Pre-Anaesthetic Tests

When you place your pet in our hands, you trust us to provide your pet with the best possible medical care. You expect us to provide you with advice which will allow you to make the best decision for your pet. In order to offer you the peace of mind you deserve, we recommend pre-anaesthetic testing prior to placing your pet under anaesthesia.

As in human medicine, the anaesthetics available for anesthetising our companion pets are extremely safe. As a result, the anaesthetic risk is greatly minimised when a healthy pet is placed under anaesthesia. However, if your pet is not “healthy”, complications can occur both during and after the anaesthetic procedure. Therefore, in order to minimise potential risk associated with anaesthesia, it is vital for us to know the complete health status of your pet before placing him or her under anaesthesia.

Prior to anaesthesia, we will obtain a complete history and perform a detailed physical examination on your pet. While a history and physical exam provide us with important information about your pet’s health, it is impossible to understand the complete physiological picture without performing other tests.

In most cases, if a pet appears “healthy’ based on history and physical exam, an anaesthetic will be uneventful. However, unlike humans, pets cannot tell us when they do not feel well. And as a result of an animals’ instinct to protect themselves. Often at times, sick pets will hide their illness. Therefore, an animal’s appearance of health may be misleading. For example, pets can lose up to 75% of kidney function prior to showing any signs of illness. To understand your pets overall health. it is crucial to derive additional information through testing prior to anaesthesia.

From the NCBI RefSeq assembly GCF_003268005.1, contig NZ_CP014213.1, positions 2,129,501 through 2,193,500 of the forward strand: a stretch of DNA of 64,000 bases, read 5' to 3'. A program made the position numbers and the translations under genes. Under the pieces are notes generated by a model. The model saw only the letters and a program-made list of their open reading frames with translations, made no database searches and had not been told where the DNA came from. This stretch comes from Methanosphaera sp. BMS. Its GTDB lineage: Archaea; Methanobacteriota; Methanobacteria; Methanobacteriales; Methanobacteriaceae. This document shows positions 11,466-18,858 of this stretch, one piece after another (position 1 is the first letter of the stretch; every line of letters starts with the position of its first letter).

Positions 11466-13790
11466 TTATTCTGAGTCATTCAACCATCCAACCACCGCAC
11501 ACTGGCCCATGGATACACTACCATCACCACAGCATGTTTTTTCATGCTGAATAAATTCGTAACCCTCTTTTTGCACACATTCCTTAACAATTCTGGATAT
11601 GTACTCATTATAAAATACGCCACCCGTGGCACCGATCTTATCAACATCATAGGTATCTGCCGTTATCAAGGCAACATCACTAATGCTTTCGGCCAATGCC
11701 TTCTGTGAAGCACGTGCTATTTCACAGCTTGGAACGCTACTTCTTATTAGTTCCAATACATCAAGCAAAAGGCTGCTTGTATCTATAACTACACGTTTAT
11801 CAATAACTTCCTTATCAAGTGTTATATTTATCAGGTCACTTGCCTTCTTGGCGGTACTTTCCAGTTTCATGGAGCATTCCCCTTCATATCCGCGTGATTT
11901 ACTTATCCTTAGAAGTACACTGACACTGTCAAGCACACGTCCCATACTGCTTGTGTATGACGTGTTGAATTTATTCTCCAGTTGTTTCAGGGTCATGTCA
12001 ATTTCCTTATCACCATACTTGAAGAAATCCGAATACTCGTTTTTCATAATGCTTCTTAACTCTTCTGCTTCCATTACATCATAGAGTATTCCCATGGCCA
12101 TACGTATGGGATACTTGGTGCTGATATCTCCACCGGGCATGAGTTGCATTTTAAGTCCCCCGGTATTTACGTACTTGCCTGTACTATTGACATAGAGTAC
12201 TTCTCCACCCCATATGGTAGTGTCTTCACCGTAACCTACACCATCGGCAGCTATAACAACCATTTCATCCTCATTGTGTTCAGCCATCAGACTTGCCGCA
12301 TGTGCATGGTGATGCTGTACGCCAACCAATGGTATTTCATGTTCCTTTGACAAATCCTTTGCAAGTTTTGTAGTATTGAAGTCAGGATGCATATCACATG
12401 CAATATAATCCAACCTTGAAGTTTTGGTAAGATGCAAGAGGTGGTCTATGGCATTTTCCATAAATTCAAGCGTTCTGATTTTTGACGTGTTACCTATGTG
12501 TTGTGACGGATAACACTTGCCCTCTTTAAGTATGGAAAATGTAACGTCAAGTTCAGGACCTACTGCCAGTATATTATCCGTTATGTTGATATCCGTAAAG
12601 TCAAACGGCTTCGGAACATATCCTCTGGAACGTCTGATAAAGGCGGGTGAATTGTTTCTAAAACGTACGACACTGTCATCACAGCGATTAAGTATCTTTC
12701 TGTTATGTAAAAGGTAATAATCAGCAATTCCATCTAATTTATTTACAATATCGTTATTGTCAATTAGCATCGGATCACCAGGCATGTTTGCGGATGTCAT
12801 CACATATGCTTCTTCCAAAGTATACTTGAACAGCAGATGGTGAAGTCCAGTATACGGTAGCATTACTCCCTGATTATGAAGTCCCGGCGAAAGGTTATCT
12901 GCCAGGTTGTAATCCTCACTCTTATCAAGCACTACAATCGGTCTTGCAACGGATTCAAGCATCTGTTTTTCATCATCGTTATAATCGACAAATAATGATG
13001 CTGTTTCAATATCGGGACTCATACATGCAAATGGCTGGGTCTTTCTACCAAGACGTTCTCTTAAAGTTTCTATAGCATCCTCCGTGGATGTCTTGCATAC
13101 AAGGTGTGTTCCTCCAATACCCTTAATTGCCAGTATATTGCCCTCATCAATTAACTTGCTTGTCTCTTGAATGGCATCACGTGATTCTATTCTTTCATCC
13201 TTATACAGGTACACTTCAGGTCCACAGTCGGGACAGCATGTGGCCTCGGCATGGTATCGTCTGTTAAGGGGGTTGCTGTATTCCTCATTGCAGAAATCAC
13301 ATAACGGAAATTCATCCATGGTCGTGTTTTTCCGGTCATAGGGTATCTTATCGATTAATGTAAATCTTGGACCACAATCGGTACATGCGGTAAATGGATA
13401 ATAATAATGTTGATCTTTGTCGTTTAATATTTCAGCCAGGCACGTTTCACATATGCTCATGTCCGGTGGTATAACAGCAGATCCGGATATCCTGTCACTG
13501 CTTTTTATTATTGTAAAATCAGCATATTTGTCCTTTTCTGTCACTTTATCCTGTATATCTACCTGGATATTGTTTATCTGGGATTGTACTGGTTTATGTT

If the results of the pre-anaesthetic tests are within normal ranges, we can proceed with confidence knowing the anaesthetic risk is minimised. On the other hand, if the results are not within the normal ranges, we may alter the anaesthetic procedure. In some cases, we may proceed as planned, yet provide medical support during and after the procedure to ensure your pet’s health. In other cases the test abnormalities maybe significant enough to postpone the procedure in order to monitor and medically treat your pet.

Although performing these tests cannot guarantee the absence of complications, it can significantly minimize the risk to your pet and provide you and us with peace of mind.

These are some of the tests which maybe recommended for your pet.

Blood Chemistry: Blood chemistry tests provide information concerning your pet’s vital organs such as the kidneys, liver, pancreas, thyroid, parathyroid and intestinal tract. These tests can also indicate conditions such as anaemia and dehydration as well as endocrine diseases and certain types of tumours.

Complete blood cell count (CBC): The CBC provides information concerning the various types of blood cells. The red blood cells (RBC’s) carry oxygen to the tissues of the body. White blood cells (WBC’s) are the body’s primary defence against infection. Platelets play a major role in the blood clotting process and are essential for halting the bleeding process.

Urinalysis: The urinalysis provides important information about the functioning capacity of the kidneys. In addition, the urine contains many by-products from many organs and abnormal levels of these by-products can include such diseases as liver and kidney disease and diabetes.

Electrolytes: In order to maintain life, the appropriate balance of electrolytes is vital. Certain diseases or conditions may result in electrolyte imbalances that could compromise a pet’s health and ultimately become life threatening.

Other tests: Depending on your pet’s age, history and physical exam, an ECG (electrocardiogram) or serum thyroid levels may be recommended.

For more information, please contact Australind Vets on 08 9797 1584.

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